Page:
Anyone could go to The Dump and hand out water and food. Hardly anyone does. Aben goes because — in spite of the fact that he was ignorant such a place even existed until 11 years ago — he has a stake there now. Along with food and water than can be consumed to satisfy physical appetites, he also offers a devotional and sometimes a program or skit or music with a spiritual message to nurture the spirit, as well. It is a connection directed by his faith and strengthened by the opportunity to feed souls headed into eternity as well as bodies rooted to the most inhospitable of places on earth.
How it began
Aben, 31, was raised in a nominally Catholic home in a better part of Tegucigalpa than The Dump. He sometimes accompanied a friend whose mother insisted on regular church attendance, just tagging along to keep his buddy company but with no real interest in religion, he explains with a grin.
His bond with his own mother was a strong one, however, and it was her grave disappointment in his high school grades that touched something deep within him.
“When I was 15, I was a poor student. My older sister had been so good in school. I loved my mom and I felt so bad when she told me how upset she was to find out my grades. I cried in my room that day and I questioned my purpose in life. That day, I prayed and asked God to change me and make me a different person. Then I went to my mom and told her I wanted to change high schools and go to a Catholic high school with high standards and discipline. That was the first miracle. My older sister graduated from there. You needed really good grades to get in and mine were horrible. But my mom tried for me anyway, and they took me without even looking at my grades because of my sister’s reputation. God started working on my life and the best Mother’s Day gift I ever gave my mom was my good grades. When she went to school to get them the next time, a professor praised me. I cried again when I found that out,” he says.
His life was being altered in other ways, as well.
“I became bold in church. I began going to Bible study and was in church-related activities five days a week. I got in all kinds of discipleship and Bible study programs. I had Christian friends and my life began to change. In college, I began working with street kids. I saw such horrible things and I asked God why He let these things happen. My own heart was breaking, so I could not understand how God could let it be. He answered Me and told me, ‘Two thousand years ago, I died for you. Now it is for you to take your cross and follow me.’ So I became a volunteer. After college graduation, I worked for a few years as an engineer, but you can’t run and hide from God forever. God wouldn’t leave me alone. Sometimes just because you are good at something, you think you are on the right path, but that may not be true. I finally quit my job and accepted the challenge to reach the poor, the prostitutes, the ones no one else cares about. I got involved with Youth for Christ and that is truly my dream job, because it is God’s will for my life.”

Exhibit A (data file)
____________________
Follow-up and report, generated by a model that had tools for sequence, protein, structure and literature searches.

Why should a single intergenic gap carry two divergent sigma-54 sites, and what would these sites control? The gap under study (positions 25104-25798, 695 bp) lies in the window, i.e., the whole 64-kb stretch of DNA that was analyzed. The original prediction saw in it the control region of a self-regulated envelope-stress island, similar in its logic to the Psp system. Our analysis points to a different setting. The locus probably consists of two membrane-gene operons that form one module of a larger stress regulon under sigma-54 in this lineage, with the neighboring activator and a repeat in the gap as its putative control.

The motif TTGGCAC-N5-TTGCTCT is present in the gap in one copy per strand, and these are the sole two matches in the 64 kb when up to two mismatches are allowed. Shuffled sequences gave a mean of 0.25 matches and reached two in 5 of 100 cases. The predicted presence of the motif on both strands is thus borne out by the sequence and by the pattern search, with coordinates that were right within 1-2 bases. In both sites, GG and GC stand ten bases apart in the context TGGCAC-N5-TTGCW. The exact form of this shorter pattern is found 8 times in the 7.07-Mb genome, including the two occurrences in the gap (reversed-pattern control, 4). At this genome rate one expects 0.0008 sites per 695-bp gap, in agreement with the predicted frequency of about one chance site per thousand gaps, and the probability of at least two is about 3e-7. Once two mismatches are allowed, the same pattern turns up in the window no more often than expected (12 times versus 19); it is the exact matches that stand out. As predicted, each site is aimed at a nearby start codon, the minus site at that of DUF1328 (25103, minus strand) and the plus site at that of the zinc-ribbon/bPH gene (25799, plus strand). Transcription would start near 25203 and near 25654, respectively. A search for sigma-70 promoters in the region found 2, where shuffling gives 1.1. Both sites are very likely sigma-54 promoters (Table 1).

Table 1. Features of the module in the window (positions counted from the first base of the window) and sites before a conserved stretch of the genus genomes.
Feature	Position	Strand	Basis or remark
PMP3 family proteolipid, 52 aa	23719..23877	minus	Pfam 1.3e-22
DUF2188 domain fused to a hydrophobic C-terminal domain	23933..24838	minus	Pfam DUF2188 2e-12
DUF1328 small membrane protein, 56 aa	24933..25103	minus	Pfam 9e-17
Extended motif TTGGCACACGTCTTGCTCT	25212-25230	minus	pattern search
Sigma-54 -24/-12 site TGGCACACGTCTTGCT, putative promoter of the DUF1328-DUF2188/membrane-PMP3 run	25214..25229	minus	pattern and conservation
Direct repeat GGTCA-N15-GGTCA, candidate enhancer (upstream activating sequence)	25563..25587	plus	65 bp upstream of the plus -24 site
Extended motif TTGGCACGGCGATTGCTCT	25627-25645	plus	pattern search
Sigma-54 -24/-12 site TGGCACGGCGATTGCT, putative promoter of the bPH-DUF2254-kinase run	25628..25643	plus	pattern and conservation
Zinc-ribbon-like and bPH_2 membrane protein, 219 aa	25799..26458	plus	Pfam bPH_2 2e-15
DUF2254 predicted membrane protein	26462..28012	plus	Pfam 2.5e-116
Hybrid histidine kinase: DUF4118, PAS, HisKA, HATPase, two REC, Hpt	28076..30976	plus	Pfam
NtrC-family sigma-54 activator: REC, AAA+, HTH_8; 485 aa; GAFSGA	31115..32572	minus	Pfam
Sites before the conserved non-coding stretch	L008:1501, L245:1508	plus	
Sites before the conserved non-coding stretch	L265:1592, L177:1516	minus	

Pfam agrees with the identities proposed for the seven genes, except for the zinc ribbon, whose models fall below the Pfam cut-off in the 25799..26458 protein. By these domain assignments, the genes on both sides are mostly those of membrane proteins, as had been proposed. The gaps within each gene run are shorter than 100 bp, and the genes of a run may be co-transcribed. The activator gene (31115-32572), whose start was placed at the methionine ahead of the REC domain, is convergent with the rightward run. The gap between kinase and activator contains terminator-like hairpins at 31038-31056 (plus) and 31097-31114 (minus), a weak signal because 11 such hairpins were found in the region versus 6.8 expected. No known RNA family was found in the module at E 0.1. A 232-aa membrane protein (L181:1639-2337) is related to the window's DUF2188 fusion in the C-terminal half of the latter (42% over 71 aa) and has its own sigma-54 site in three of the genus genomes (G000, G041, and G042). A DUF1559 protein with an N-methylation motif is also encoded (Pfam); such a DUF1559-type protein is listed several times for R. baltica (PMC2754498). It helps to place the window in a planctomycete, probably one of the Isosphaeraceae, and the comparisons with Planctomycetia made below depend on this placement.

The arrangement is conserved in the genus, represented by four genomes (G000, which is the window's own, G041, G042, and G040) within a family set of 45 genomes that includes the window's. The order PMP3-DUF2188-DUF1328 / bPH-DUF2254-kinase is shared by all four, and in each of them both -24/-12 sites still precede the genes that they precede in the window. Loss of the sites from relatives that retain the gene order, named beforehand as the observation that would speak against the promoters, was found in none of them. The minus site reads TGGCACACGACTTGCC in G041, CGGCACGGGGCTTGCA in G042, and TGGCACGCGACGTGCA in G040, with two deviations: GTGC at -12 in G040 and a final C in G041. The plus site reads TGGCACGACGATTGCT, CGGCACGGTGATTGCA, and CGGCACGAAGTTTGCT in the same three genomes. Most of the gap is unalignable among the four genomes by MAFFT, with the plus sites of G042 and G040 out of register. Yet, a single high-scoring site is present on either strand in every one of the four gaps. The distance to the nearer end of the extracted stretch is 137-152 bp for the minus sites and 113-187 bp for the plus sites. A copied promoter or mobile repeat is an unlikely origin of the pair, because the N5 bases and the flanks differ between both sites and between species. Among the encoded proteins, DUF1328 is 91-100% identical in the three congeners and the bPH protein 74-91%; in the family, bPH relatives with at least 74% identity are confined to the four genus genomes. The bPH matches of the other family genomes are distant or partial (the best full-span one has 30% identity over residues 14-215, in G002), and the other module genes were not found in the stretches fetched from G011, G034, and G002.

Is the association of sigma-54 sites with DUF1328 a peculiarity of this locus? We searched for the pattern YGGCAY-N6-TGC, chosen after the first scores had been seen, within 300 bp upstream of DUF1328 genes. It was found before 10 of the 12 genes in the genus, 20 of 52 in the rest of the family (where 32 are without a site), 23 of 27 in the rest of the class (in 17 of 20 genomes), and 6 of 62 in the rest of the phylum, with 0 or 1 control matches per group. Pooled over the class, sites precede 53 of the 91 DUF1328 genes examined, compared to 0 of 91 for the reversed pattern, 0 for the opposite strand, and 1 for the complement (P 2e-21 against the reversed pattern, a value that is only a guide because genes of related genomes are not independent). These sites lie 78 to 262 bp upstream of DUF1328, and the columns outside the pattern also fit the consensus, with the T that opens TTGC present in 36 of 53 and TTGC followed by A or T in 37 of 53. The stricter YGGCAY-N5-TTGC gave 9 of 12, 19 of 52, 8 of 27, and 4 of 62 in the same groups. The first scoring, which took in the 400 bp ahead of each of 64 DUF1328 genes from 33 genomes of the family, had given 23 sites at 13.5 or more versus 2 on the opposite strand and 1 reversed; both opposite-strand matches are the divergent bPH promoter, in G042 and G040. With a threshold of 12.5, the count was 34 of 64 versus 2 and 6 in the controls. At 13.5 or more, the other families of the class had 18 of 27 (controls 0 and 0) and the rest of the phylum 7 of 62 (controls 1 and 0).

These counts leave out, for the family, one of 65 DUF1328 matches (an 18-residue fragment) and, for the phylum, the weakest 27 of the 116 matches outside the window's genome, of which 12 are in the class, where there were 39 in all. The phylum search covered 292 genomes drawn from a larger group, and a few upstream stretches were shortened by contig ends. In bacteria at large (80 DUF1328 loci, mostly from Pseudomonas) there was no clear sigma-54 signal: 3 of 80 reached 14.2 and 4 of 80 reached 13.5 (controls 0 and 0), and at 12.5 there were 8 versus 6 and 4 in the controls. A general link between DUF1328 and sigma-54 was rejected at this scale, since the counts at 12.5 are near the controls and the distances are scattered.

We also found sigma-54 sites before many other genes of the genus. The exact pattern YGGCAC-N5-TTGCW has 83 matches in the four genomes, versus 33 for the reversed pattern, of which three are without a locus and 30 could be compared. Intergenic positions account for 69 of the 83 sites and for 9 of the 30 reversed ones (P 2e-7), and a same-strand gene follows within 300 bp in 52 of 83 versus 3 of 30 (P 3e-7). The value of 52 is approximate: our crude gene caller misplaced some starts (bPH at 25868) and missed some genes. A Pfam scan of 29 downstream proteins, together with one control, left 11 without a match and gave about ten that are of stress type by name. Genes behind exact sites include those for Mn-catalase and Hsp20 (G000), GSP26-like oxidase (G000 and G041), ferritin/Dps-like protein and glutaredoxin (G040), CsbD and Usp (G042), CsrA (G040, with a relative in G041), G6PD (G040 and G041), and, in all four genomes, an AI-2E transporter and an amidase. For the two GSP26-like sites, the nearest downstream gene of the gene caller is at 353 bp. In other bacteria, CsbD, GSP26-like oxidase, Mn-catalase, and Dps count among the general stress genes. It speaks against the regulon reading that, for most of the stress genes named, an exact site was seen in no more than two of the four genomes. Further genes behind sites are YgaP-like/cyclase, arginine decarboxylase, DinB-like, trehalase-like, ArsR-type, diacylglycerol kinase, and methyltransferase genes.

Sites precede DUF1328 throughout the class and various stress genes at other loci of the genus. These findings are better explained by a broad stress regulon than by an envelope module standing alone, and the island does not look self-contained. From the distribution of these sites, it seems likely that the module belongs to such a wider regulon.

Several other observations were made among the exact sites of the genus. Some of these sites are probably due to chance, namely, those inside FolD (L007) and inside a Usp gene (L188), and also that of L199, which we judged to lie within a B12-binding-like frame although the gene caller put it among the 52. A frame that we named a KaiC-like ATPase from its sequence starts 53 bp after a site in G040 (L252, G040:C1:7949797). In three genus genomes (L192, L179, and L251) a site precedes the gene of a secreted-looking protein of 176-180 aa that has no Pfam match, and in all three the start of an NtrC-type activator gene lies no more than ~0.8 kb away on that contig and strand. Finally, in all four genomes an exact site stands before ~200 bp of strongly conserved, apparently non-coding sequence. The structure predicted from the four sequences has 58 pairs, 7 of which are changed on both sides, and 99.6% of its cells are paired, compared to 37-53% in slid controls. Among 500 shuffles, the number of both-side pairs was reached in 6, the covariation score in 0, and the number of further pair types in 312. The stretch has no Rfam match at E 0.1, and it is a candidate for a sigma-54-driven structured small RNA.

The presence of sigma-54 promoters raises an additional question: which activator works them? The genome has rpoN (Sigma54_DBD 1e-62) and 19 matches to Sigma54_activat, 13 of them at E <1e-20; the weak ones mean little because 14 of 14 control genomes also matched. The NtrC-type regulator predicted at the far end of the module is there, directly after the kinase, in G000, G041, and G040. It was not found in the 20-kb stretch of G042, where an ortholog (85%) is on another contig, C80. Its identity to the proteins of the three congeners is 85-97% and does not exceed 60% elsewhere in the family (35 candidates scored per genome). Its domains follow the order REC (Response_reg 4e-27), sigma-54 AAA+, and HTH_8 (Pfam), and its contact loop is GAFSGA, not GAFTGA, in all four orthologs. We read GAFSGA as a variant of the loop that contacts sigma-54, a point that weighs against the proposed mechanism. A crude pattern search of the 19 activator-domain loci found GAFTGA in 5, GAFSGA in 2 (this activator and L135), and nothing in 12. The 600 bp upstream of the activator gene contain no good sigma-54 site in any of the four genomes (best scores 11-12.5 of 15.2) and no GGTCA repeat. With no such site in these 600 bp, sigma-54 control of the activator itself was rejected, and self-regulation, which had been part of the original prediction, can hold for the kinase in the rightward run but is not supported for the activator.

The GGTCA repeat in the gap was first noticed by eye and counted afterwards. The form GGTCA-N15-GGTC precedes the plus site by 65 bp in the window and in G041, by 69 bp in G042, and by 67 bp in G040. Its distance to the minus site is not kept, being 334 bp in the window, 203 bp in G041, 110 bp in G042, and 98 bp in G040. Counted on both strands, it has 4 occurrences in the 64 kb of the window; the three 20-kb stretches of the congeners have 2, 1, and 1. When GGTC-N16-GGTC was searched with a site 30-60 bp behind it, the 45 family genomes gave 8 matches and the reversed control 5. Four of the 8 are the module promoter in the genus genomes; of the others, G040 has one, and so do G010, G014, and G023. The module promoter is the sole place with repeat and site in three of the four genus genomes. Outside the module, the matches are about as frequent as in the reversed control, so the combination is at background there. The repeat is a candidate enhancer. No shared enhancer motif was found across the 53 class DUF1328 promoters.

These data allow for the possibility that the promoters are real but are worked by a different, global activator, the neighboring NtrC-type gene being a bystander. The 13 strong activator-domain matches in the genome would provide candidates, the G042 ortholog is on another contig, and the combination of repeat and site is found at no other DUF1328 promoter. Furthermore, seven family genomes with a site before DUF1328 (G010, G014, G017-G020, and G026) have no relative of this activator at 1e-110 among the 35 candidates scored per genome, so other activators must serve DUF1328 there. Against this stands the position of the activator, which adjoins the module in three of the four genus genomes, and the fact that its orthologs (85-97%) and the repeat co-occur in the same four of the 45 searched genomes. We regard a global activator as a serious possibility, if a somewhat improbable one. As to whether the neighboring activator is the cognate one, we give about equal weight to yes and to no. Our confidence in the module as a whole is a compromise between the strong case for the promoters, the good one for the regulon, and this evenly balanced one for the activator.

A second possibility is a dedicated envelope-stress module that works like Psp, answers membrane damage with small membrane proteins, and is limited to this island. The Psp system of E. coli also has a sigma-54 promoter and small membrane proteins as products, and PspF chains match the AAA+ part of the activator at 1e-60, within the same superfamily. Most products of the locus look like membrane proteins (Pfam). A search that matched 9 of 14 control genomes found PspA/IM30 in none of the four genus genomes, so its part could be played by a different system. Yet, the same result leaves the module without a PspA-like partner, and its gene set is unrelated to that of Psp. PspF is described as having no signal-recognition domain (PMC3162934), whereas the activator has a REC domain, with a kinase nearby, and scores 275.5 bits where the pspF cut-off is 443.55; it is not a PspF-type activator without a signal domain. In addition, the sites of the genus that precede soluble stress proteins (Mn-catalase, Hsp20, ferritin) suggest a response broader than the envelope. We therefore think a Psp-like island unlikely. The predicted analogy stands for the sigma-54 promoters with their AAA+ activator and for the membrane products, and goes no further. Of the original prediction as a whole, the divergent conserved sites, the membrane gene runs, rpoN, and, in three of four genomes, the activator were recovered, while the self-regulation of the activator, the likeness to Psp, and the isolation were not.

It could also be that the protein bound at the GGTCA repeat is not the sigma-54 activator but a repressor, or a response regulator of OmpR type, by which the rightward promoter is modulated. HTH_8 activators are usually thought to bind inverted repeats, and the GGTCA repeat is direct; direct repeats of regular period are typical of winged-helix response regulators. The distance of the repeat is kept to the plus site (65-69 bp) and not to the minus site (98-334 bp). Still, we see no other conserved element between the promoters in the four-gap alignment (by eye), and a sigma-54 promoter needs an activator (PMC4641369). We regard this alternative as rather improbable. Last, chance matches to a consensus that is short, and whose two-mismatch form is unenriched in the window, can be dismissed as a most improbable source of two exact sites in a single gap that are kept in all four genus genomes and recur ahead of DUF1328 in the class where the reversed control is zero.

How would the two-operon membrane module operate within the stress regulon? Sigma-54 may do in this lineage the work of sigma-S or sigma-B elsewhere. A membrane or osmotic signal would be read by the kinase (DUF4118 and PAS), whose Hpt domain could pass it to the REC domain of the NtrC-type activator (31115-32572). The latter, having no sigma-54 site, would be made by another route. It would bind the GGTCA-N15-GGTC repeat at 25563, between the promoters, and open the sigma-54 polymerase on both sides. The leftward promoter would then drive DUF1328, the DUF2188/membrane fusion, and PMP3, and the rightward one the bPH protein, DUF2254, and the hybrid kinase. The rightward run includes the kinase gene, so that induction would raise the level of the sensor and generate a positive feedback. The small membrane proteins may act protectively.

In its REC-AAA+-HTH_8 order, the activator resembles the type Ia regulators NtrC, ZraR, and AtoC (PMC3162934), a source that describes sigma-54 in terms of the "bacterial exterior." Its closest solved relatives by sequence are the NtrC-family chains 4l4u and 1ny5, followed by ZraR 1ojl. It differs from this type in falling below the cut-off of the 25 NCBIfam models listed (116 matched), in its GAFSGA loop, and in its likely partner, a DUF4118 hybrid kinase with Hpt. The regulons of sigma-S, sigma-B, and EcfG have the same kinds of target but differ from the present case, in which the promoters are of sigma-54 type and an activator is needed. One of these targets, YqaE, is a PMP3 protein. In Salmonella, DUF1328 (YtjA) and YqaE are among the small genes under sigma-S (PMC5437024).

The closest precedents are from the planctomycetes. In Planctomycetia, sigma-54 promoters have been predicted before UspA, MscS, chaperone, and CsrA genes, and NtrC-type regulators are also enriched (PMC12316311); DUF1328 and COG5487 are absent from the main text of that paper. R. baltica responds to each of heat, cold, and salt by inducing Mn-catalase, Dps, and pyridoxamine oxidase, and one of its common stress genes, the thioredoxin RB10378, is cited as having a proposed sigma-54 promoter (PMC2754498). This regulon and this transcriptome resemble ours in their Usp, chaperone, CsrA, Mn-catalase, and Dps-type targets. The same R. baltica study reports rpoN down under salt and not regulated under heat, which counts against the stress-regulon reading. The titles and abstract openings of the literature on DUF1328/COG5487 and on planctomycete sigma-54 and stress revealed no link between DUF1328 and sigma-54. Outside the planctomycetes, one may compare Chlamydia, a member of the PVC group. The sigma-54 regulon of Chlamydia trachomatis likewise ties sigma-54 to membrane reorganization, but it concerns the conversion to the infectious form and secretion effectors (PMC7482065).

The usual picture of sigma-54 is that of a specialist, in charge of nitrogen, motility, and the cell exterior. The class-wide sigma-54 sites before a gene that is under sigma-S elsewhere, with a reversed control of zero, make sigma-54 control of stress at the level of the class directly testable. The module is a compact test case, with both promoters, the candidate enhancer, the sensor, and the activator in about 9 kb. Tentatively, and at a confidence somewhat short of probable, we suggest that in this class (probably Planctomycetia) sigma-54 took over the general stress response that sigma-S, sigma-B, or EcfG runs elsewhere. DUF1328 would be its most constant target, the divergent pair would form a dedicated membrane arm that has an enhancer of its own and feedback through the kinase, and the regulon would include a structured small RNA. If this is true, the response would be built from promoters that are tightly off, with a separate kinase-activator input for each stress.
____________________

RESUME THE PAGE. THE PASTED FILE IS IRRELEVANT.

In addition to the feeding of bodies and souls that claims Aben’s heart at The Dump, there are other areas of ministry to which he devotes many hours each week.
The public education system in his city is remarkably open to allowing Youth for Christ programs on its campuses. Aben typically makes contact with the principal of a school, describes the 11⁄2 hour service he wants to hold and tries to set up a time. Often the administrator agrees right away; if not, Aben may seek to make inroads with a teacher at the school or with students there who can bring their interest to the principal and, perhaps, change a mind.
A typical high school Youth for Christ service involves getting the attention of the students with exhibitions of break dancing put on by a team of youthful volunteers, a dramatic presentation with a message, a time of testimony, a period of worship and then a “calling” or preaching time. Students who want to know more or who need to talk to someone about a decision with eternal consequences they have made, or are thinking of making, are provided with a form that allows them to provide contact information for the Youth for Christ team.